Recently, on our way to school…
Her – “School is boring.”
Me – “It’s boring? But almost every day when I pick you up you say you had a good day.”
Her – “They just make you sit there and do work.”
Me – “But don’t you get to choose your activities?”
She continued on that she wanted to play more, move around more, and be more creative. We were nearing school, and, since I couldn’t transform her school into the artistic play land of our dreams, I thought I could at least try to help her reshape her focus and then possibly the experiences she attracts to herself.
Me – “Ok, well do you think when I pick you up you can tell me three fun things you did? Maybe the whole day won’t be fun, but I know you can have three things to tell me. I’d like to hear that.”
Her – “Okay.”
Six hours later she plopped into the back seat at school pick-up. She was rather talkative for once telling me about her day without me asking.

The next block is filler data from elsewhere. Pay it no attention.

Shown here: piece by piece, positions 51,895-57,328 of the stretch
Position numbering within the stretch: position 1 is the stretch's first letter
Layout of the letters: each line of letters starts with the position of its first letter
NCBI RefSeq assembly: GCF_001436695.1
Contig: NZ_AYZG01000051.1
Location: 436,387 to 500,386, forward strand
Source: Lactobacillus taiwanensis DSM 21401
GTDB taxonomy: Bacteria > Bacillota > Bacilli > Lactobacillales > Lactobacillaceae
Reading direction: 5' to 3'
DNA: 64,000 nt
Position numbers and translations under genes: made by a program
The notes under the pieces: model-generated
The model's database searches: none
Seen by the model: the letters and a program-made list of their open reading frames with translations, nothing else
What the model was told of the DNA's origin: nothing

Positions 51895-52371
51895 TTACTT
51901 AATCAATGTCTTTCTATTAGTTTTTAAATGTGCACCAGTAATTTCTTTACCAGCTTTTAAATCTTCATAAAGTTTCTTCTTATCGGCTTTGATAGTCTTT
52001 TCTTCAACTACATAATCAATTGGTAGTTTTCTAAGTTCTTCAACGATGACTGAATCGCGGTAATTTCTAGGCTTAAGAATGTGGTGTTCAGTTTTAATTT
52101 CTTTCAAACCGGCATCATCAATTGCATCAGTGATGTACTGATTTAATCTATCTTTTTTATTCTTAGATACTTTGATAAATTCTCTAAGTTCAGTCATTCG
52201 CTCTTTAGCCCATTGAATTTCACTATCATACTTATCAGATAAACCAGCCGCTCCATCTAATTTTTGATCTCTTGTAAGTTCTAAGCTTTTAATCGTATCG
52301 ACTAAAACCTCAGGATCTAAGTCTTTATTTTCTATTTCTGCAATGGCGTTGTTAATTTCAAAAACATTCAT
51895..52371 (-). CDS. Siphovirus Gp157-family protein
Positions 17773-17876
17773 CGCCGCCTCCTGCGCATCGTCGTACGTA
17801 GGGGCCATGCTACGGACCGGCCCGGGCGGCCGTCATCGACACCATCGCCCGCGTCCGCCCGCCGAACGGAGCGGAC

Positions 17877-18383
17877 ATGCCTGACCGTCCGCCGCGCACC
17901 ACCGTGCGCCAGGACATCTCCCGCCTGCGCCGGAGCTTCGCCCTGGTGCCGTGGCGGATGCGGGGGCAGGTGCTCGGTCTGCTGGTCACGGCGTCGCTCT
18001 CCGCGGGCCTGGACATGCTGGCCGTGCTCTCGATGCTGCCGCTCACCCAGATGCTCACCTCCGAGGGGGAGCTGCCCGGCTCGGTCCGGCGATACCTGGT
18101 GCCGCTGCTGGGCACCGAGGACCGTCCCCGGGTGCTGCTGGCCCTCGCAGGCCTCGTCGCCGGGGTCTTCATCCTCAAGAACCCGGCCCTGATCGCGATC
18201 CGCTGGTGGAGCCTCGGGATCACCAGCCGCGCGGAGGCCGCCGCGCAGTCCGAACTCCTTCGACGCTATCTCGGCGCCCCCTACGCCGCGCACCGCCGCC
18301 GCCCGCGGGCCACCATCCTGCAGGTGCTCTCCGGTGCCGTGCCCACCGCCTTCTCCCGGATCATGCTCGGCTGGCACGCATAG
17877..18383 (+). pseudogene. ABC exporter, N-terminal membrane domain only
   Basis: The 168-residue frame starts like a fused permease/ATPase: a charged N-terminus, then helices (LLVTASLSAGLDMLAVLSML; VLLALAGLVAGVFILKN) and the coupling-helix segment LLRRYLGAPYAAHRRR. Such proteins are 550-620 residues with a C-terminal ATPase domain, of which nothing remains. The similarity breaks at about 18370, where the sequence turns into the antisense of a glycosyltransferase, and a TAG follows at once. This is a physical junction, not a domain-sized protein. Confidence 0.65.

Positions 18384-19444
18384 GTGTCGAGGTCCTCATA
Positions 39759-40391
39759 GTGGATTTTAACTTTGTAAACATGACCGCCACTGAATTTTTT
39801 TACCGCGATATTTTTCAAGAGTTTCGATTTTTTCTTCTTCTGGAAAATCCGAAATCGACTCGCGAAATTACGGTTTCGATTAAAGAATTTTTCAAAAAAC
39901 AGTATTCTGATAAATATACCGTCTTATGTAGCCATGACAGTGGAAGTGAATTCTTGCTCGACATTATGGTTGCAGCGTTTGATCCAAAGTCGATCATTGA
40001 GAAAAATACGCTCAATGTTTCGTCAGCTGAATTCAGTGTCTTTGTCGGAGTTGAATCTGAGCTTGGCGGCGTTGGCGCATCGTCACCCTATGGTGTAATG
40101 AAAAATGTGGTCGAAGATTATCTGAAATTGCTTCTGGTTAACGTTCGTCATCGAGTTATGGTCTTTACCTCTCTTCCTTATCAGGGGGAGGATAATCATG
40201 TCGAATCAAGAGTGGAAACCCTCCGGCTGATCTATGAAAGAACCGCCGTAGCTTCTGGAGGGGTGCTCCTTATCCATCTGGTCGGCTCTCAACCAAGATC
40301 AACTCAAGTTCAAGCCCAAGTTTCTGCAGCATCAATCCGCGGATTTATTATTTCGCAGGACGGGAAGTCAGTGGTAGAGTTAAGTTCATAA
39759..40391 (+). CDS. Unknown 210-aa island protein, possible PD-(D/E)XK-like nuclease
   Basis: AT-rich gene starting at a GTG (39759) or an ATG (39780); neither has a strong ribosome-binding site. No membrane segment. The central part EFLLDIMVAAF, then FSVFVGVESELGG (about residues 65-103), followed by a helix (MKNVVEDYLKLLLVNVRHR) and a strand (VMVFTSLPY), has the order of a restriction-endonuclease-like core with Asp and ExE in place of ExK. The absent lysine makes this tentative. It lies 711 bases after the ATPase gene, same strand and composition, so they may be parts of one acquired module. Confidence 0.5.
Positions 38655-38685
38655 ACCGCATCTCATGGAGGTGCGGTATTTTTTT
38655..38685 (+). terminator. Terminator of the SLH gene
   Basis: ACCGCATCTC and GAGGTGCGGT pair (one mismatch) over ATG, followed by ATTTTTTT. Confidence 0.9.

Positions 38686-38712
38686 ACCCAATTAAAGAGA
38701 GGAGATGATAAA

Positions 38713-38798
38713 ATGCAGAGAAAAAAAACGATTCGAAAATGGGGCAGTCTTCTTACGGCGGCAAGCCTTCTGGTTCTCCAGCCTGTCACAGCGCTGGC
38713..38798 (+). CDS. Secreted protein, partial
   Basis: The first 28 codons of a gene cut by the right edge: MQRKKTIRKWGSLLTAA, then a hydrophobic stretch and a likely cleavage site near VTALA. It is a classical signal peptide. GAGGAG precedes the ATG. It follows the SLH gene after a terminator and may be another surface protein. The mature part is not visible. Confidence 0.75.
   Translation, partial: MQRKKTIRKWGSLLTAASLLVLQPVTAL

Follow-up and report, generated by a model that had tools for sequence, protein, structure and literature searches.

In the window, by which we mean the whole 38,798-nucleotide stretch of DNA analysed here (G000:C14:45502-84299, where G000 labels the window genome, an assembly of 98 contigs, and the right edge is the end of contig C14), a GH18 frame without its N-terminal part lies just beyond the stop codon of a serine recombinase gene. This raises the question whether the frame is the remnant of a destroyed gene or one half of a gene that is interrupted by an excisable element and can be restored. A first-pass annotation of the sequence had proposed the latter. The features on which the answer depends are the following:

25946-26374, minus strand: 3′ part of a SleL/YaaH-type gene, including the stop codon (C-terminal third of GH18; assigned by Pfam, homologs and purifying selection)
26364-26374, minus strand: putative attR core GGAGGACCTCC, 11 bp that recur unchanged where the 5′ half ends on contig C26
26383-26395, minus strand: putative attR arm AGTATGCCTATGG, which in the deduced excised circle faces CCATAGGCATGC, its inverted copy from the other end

Her – “There’s two things!”
Me – “Two things? Oh… you remembered that from this morning! Did you think about that during the day?”
Her – “Mmh.” (yes)
I was surprised and delighted. Turns out it had affected her focus all day. She named her third item.
Since that day, she has lamented several times that she would rather be home schooled despite liking her teachers and classmates. That hasn’t changed.
But, now, she often notes three things she enjoyed about her school day or her day in general. She also challenges me to come up with three things. Today, in fact, she plopped in the car with a smile on her face saying, “Three things!”
I’m excited because she is learning to direct her focus, intentionally.
Three little wins.
Don’t go to sleep without them.